When dealing with third parties in connection with foreign investments and other transactions, a key aspect of FCPA compliance involves ensuring that these third parties are committed to compliance as well. While companies can – and should – include warranties, indemnification clauses, and other provisions in their agreements that apportion liability for statutory violations appropriately, it may also be necessary to conduct (and document) due diligence in order to determine whether third parties have adequate compliance policies and protocols in place.
Internal Transactional and Accounting Controls
Any time there is a potential risk of payments being made in violation of the FCPA, companies must implement internal transactional and accounting controls that are designed to both (i) prevent illegal payments whenever possible, and (ii) identify unlawful transactions as soon as possible after they are made. In addition to developing and implementing internal compliance policies and procedures, our attorneys can assist with the establishment of these types of controls as well.
Internal Audits and Investigations
Similar to other corporate compliance efforts, an effective FCPA compliance program will also include internal auditing protocols and procedures for promptly conducting appropriate internal investigations. In the event that an audit or investigation reveals a potential FCPA violation, remedial action must be taken immediately. What is necessary in terms of remedial action will be highly dependent upon the specific facts and circumstances involved.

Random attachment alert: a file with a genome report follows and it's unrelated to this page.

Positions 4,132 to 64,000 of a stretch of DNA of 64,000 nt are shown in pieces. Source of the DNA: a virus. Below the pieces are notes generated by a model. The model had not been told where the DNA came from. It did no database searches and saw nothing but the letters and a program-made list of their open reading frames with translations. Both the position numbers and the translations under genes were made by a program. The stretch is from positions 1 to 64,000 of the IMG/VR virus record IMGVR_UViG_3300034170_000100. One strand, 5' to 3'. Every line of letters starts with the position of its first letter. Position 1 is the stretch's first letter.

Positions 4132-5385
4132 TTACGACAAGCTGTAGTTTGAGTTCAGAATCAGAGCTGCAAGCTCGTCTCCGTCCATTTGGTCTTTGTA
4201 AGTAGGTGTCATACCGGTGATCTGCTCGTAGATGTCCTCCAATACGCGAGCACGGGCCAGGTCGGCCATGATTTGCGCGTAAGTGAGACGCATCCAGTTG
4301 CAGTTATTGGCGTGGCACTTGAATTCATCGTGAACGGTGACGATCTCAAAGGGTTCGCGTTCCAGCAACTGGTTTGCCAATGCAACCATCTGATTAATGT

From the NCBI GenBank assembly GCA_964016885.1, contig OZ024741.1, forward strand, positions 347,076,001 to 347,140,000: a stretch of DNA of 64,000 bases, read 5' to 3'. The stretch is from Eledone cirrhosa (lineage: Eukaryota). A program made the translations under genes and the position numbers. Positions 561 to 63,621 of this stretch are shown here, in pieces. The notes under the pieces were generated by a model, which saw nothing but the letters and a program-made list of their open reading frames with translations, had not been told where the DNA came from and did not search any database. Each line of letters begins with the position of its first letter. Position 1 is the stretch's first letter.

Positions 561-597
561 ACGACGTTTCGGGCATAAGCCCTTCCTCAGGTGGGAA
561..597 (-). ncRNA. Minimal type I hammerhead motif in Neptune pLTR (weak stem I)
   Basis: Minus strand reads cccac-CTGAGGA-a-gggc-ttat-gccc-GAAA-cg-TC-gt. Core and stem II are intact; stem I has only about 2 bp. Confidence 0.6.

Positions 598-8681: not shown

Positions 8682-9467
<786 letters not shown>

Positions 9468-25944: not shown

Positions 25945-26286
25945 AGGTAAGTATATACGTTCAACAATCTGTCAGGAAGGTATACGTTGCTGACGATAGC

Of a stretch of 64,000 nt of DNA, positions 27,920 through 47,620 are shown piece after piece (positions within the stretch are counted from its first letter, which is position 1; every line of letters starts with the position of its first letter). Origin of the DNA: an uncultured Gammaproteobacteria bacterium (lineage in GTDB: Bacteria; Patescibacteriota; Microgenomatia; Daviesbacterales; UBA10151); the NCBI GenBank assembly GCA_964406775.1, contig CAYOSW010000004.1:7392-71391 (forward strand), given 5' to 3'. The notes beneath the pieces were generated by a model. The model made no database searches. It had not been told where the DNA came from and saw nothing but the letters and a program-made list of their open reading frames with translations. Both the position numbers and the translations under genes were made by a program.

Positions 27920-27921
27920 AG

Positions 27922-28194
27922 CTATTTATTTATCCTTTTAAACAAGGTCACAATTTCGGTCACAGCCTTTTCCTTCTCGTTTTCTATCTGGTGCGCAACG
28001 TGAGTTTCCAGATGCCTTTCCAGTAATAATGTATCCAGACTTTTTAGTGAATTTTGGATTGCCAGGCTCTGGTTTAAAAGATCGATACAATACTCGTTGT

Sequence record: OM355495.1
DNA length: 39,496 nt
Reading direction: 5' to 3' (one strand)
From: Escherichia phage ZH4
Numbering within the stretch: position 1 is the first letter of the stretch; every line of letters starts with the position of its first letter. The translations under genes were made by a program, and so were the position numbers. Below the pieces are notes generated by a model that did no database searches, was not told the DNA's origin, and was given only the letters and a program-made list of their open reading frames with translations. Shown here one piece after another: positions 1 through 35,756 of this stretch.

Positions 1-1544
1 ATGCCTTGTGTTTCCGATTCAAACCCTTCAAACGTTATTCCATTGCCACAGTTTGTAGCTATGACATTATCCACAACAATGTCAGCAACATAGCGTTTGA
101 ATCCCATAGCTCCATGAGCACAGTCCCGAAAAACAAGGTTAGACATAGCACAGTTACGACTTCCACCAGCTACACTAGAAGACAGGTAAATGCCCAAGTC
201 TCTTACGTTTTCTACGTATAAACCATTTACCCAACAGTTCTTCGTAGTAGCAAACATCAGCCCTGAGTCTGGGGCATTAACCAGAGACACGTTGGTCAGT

DOJ and SEC Investigation Preparedness
Finally, an FCPA compliance program should include an immediate action plan for responding to a DOJ or SEC investigation. From whistleblower complaints to questions about the contents of companies’ public filings, FCPA investigations can have several potential triggers. Determining what triggered an investigation is an important early step toward executing a successful defense, and this will typically involve making contact with the federal agents who are handling the inquiry. While there are steps that company leadership and personnel can (and should) take immediately, all communications with the DOJ and SEC should be handled by the company’s FCPA compliance counsel.
Contact the FCPA Compliance Lawyers at Oberheiden, P.C.
If you need more information about FCPA compliance or responding to a DOJ or SEC investigation, we encourage you to get in touch. To speak with one of our FCPA compliance lawyers in confidence, call 888-680-1745 or send us a message online now.